So sorry about the accidents, it just takes a moment of distraction, doesn't it? Something similar happened to me years ago, with my 2 year old in his car seat with me, I was sleep deprived, and didn't look before changing lanes. That was all it took. Luckily no one hurt then, and what a blessing no one hurt in your incident. Hugs to you and Michael!

lil Gluckstern said...

Glad Michael is okay, and that you are too. Accidents happen to the best of drivers, and I remember being extra careful for a long time after I had my big one. Take care of both of you. Funny how helpful chocolate is..

Jeanine said...

Have already said my prayer of thanksgiving that you and Michael and neither of the other couple were hurt.

Darlene in rainy Vancouver said...

With the snowfalls you experience it's hard to imagine you have had so few accidents (only one?)! Good to know all and everyone is well. I think a car accident is always upsetting, because one's sensibilities are bruised, even if there are no physical marks.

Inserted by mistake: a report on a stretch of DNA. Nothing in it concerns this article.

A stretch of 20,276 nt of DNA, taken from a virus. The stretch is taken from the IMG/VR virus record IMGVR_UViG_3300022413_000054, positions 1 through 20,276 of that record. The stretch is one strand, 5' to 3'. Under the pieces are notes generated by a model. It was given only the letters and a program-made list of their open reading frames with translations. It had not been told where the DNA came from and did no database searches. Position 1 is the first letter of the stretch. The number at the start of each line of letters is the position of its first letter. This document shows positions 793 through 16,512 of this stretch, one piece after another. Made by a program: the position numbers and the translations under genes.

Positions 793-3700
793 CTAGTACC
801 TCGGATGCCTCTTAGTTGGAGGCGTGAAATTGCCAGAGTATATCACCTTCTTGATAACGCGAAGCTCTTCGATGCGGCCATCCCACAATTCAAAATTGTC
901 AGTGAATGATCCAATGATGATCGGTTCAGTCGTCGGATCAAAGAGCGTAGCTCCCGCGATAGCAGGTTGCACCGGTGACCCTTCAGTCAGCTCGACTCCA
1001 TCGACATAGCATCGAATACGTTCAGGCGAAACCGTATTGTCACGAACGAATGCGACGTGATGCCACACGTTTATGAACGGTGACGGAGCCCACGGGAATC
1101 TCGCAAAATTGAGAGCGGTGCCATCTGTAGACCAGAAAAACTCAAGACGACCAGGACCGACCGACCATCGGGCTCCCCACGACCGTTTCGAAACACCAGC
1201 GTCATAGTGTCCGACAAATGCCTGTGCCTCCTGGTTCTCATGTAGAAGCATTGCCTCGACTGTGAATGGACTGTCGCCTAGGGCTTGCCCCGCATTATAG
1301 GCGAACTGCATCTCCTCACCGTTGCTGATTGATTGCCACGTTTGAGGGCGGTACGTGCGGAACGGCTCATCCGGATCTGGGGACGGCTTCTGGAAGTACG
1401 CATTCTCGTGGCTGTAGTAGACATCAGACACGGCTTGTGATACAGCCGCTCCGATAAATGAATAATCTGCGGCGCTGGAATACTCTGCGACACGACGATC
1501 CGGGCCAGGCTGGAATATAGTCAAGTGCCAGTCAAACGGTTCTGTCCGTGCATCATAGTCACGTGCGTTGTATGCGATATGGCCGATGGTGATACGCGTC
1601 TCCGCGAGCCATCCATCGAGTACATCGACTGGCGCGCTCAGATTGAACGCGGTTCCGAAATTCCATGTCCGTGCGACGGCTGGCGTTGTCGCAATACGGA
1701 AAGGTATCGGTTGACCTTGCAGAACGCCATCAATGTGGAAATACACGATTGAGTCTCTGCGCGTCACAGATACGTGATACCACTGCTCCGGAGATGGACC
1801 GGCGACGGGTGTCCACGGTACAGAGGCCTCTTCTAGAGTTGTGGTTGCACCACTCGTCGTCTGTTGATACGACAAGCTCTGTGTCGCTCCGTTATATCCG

And your wonderful VW will keep you steady in the snow, that's for sure. I know about that.

Melody said...

Louise, I am so sorry to read of your accident, but am so glad everyone is fine!!

Take care.

Ruthie from NH said...

So sorry to read of your accident. Glad everyone is okay. Chocolate and sudoku are always helpful.

JKW said...

I know how this feels. It's a blessing to know everything worked out. Guess who is going to remember to keep the gas tank filled from now on? You are a beautiful person, I'm glad everyone else can see it too. Blessings, Janet

Diane said...

How fortunate no one was hurt. Accidents happen so quick, a momentary nodd off and then we end in the thick of it - I know what I'm talking about!

I'm sure Michael's treat helped ease the bruise. Hope you are planning to ease yours as well.

Cars can be repaired or replaced. Wonderful that they took the full brunt of it.

Jodi said...

Whew, glad everybody's OK! Cars can be replaced, people can't.

Just wondering though, since you write about fictional Surete officers, was it a bit surreal talking to a real one?

(Too funny that her daughter won your scholarship).